I have always believed that. I have an early 2000's era Birch Tama Superstar Kit that sounds amazing. paid $500 (used) for it with all 2002 cymbals, all Tama hardware and a PDP rack and Kick pedal. I have a friend who is a Pro Drummer who was blown away at how Good they sound. And he only plays DW or SJD. I recently bought a Starclassic Walnut Birch Kit , and honestly, if that's good enough for Mike Portnoy and Lars Ulrich, its good enough for me. Tama has the Star Maple Series for twice the price, but im a hobby player so its a waste of money for me.
 

Al Strange

Platinum Member
Some of you may be aware that I own a lovely 7pc Pearl Export EXX…perfect for rehearsal rooms and pub gigs the world over. My snares and cymbals are a little pricier, and I own a top line Prem but that doesn’t make me a bad person…:unsure: Here’s the ad that sealed the deal for me:
 

Justinhub2003

Silver Member
Some observations related to this thread :
The amount of threads with pricing being the main object of discussion is far more prevalent on this site than at Drumforum.org . I am assuming the age dynamic may be the reasoning.

Cad Cam manufacturing and low labour rates offshore has allowed Manufacturers to make mid price drums at a better and more consistent quality aspect than the drums made in the 60’s and 70’a for example . One great advantage the vintage drums have over the current drums is the use of old growth wood in the vintage drums .

We are in a wonderful time with multitudes of boutique and major drum manufacturers . The choices are almost limitless with new builders starting up daily . I feel sorry for new drummers coming into the fold as the choices can be daunting .

Brand loyalty seems to be waning as well . When I was growing up in the 60’s we generally chose a brand and upgraded within the models I. That brand . This still happens but to a much smaller degree . Companies line Pearl and Yamaha really understand this .

I think drum companies are getting to the max out point in pricing . Drums like Tama Star , Sonor SQ2, Yamaha PHX etc are getting obscenely priced . Purchases of these drum models becomes more of a vanity aspect than some huge improvement in sound . Heck these are drums and drum heads are still a huge part of the drums sound . These Uber high end lines have prettier finishes and moderately updated fittings but after all they are still drums . I have fallen for the Uber high end drums . It was nice dallying with them but now I have purged and gone back to what first got me interested in drums Gretsch and Ludwig . They feel like home. Good drums with a unique sound (in the case of Gretsch USA Custom ). Sure there is a sentimental aspect to my choices maybe based On my age ( I am 60).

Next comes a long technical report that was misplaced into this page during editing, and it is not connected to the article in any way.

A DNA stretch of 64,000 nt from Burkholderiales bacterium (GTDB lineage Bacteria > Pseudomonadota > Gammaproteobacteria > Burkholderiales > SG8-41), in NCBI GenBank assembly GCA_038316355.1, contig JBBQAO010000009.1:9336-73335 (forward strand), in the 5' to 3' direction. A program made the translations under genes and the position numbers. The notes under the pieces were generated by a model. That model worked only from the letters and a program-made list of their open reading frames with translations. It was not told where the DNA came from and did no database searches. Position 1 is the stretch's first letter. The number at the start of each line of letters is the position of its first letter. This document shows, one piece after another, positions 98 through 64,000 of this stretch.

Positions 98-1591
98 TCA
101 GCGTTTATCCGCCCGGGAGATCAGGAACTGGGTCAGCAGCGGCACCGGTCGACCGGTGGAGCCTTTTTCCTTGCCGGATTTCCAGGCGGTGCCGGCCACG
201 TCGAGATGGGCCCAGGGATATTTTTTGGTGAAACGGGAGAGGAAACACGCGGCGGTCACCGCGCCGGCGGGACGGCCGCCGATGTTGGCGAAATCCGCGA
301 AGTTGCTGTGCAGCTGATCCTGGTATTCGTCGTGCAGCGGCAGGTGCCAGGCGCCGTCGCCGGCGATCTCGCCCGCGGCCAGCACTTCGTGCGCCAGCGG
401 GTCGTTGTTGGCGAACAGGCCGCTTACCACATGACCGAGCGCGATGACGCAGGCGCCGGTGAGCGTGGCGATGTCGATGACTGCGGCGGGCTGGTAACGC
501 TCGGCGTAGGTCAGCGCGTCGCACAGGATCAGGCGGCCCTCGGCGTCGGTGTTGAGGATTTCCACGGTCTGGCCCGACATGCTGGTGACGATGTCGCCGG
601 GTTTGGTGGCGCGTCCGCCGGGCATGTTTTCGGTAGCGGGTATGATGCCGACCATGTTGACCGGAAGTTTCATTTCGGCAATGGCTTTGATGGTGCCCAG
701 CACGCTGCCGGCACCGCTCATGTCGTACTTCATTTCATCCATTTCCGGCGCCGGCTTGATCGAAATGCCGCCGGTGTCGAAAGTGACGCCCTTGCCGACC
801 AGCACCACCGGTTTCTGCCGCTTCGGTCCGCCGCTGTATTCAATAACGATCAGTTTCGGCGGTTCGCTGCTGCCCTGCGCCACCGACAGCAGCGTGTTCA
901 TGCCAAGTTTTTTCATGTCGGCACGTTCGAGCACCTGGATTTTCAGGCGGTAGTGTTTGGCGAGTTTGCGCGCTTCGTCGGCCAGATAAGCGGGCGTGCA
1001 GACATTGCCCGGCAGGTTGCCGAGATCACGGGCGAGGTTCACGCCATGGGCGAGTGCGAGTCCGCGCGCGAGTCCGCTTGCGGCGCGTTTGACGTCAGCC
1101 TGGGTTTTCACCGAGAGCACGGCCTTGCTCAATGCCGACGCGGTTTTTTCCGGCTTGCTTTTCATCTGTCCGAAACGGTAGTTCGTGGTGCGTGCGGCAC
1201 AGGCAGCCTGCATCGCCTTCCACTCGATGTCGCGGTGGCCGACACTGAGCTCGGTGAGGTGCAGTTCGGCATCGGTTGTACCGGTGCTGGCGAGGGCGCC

Forums like this can be a boon or add to the confusion for inexperienced drum buyers .

100% agree on brand loyalty waning. I know when I was kid I told myself if I ever get the means Im going to be a Ludwig loyalist. And when I got into my early 30's (im 38 now), I did just that, I bought every high end Ludwig Snare and really nice Ludwig Classic Oak kit with all Paiste Cymbals.. But I started to realize it was really silly to just limit myself on just the Ludwig & Paiste Sound. I then experimented with Meinl, Sonor, Pearl, Tama, Gretsch and others.

I just buy what sounds good now.

same goes for drum heads. I've come to find that no drum head manufactured is great at all things. For example, I think no one makes coated heads like Remo, No one makes 2 ply clear heads like Evans, No one makes Kick heads as good as the Aquarian Super Kick series. So I just buy what I want and mix & match
 

Jeremy Crockett

Well-known Member
That's how it is in every situation. No manufacturer is going to willingly put out a product that doesnt meet their standards. If workers arent up to standard, they get replaced. People seem to think country of origin or nationality of worker matter. They dont. That's the point I'm trying to convey.
I would counter that it's not the "nationality of the worker" that matters. Rather, it is the Nation in which product X is being made because of the reasons @1 hit wonder cited. To conflate standards and practices with worker nationality misses the point.